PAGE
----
A New Word for a New Trend
Lean Management originally refers to principles and methods that were developed in the private sector to target manufacturing processes and optimizing them by reducing wastes and improve efficiency. Recently, Lean methods have been applied to a wide range of government organizations too, ranging from our Belgian institutions, to all branches of the U.S. Armed Forces and the United States Environmental Protection Agency. In this article we are not going to speak about a Belgian institutions but about American agencies that reflect very well this new Lean Government trend.
Why Lean Government?
Lean Government focuses on governing and serving citizens with respect and continuously improving service delivery by cutting out “waste” and “inefficiency” in processes. By identifying and eliminating unnecessary process steps and activities, government agencies better understand how their processes work, help them make adjustments that optimize desired outcomes and ensure that processes function smoothly and consistently.
This, at the end, not only allows staff to focus time and resources on higher value activities but also results in better services overall, engaged civil servants as well as more value for tax-supported programs and services.
Lean Government in 5 Points
Lean approaches typically have the 5 following characteristics:
- Take a customer service perspective that seeks to optimize value delivered to the public, the regulated community, and/or other stakeholders;
- Involve employees and external stakeholders in continual improvements and problem-solving activities;
- Deploy a rapid continuous improvement framework that emphasizes implementation over prolonged planning;
- Seek to reduce the complexity of processes and the variation in process outputs;
- Use performance metrics and visual controls to provide rapid feedback to improve real-time decision-making and problem-solving;
- Approach improvement activities using systems thinking.
Root causes of Lean wastes
Lean helped organizations such as the United States Environmental Protection Agency improve the speed and quality of its processes by getting rid of unnecessary activity such as document errors, extra process steps, and waiting time.
What are all these “waste” caused by? Here are some examples:
- Defects: Data errors, missing info, errors in documents, confusing instructions or requirements, typos
- Overproduction: Unneeded reports and copies, excess e-mails messages, performing unrequested work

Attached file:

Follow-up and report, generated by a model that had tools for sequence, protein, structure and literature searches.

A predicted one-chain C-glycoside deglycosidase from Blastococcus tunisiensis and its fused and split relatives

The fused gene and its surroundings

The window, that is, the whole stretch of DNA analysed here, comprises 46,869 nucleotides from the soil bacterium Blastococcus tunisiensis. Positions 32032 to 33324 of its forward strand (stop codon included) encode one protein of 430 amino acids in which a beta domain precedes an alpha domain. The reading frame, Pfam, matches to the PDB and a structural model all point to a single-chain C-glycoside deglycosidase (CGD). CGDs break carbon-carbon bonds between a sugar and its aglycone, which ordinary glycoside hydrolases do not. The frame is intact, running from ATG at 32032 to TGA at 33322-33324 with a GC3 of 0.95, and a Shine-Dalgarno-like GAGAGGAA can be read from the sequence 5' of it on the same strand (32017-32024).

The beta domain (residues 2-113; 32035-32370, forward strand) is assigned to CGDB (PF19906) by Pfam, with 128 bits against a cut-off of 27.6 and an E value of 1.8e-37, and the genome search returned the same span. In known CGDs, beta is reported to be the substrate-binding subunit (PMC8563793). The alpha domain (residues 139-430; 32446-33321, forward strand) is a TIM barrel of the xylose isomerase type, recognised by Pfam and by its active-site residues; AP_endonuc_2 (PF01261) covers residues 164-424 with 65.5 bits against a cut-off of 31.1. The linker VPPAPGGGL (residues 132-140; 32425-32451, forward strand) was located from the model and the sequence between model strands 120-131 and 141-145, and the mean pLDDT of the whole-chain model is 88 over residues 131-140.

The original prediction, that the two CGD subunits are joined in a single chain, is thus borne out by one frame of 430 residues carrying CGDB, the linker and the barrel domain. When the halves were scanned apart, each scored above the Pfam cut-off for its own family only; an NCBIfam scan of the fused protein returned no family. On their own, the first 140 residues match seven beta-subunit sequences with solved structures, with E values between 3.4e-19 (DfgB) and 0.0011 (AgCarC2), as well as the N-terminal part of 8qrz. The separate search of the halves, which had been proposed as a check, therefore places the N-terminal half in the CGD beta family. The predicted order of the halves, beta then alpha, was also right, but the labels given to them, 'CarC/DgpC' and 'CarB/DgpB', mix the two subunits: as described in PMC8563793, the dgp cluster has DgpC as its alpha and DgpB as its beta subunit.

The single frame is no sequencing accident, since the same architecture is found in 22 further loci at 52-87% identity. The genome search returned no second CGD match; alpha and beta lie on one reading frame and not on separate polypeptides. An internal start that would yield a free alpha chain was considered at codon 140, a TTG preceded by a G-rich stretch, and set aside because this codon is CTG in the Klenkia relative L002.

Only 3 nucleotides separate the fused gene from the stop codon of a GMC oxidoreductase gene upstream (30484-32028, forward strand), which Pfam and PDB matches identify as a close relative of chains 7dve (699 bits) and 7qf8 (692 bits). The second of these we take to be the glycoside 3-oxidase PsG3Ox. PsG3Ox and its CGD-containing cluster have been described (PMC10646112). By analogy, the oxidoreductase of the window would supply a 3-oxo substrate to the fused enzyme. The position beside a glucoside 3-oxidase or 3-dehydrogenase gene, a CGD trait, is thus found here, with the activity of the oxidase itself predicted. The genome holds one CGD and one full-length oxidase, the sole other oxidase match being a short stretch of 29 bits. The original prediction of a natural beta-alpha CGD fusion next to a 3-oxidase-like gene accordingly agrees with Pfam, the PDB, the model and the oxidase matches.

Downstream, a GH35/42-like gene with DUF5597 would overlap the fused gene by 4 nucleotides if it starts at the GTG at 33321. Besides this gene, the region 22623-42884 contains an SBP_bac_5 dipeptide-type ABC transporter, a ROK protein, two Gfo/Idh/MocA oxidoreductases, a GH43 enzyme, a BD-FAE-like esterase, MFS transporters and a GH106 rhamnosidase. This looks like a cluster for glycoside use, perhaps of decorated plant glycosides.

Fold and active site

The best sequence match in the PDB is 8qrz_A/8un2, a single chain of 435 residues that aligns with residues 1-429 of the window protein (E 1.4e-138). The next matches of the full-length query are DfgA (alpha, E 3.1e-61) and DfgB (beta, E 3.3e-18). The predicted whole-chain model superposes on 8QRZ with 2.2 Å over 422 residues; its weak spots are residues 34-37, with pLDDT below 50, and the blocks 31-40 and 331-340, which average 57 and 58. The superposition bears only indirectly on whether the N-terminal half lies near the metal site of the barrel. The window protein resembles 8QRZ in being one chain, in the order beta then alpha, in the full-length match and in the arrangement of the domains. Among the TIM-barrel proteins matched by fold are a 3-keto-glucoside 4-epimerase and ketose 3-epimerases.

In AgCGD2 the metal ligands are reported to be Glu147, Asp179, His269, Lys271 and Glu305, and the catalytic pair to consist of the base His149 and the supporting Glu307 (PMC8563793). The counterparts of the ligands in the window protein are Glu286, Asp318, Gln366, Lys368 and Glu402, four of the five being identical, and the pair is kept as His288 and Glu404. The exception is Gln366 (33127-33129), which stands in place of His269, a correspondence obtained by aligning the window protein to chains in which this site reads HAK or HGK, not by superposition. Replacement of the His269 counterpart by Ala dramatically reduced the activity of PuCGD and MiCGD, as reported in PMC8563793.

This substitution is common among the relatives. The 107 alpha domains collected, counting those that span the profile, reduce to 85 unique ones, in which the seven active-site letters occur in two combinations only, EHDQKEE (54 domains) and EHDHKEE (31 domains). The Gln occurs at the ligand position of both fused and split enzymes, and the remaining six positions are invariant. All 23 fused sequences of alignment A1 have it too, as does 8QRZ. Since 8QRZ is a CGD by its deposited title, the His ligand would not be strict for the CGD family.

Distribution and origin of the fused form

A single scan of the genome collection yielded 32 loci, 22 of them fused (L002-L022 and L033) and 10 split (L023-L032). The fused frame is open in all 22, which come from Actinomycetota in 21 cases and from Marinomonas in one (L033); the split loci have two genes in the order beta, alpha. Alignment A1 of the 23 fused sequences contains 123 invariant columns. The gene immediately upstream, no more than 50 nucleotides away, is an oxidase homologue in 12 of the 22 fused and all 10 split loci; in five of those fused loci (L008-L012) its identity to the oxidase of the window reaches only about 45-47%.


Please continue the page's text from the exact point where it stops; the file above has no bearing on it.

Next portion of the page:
- Waiting: Time for approval cycles, waiting for information, decisions, or for people in meetings
- Not Utilized/Underutilized Resources and Talents: Narrowly defined jobs and expectations, lack of teamwork, poor management
- Transportation: Report routing, transportation of documents, document storage
- Inventory: Backlog of work permits and plan approvals, excess materials and information, obsolete databases, files, and folders
- Motion: Trips to printers and copiers, unnecessary movement to find files or supplies, travel to meetings
- Excess Processing: Unnecessary process steps, too many signature levels, unclear job descriptions
What were the results of Lean Government thinking ?
EPA looked for ways to improve Agency performance by dramatically improving the quality, transparency, and speed of all processes. Using Lean helped redesign the agency’s work, create new capacities and skills, and increased the organization’s ability to better serve its stakeholders. The results helped free staff time to focus on higher-value activities that are more directly linked to environmental protection.
Other benefits included:
- Better environmental results
- Superior customer service
- Reduced process complexity
- Enhanced process speed
- High quality products and services
- Improved staff morale
- Increased sense of staff empowerment
- Better use of resources on higher value activities and services
Your Take Away:
Following transformation strategies successfully implemented in the private sector, Lean thinking was imported into governmental organizations too under the name of “Lean Government”. The purpose was to identify the causes of inefficiencies, reduce wastes and apply the adequate remedies. Inspired by the Lean method, a lot of governmental organizations succeeded in improving drastically quality, transparency, and speed in all their processes.
Do not miss our next article! We will focus on Belgian Government to know if it is ready or not for Lean thinking.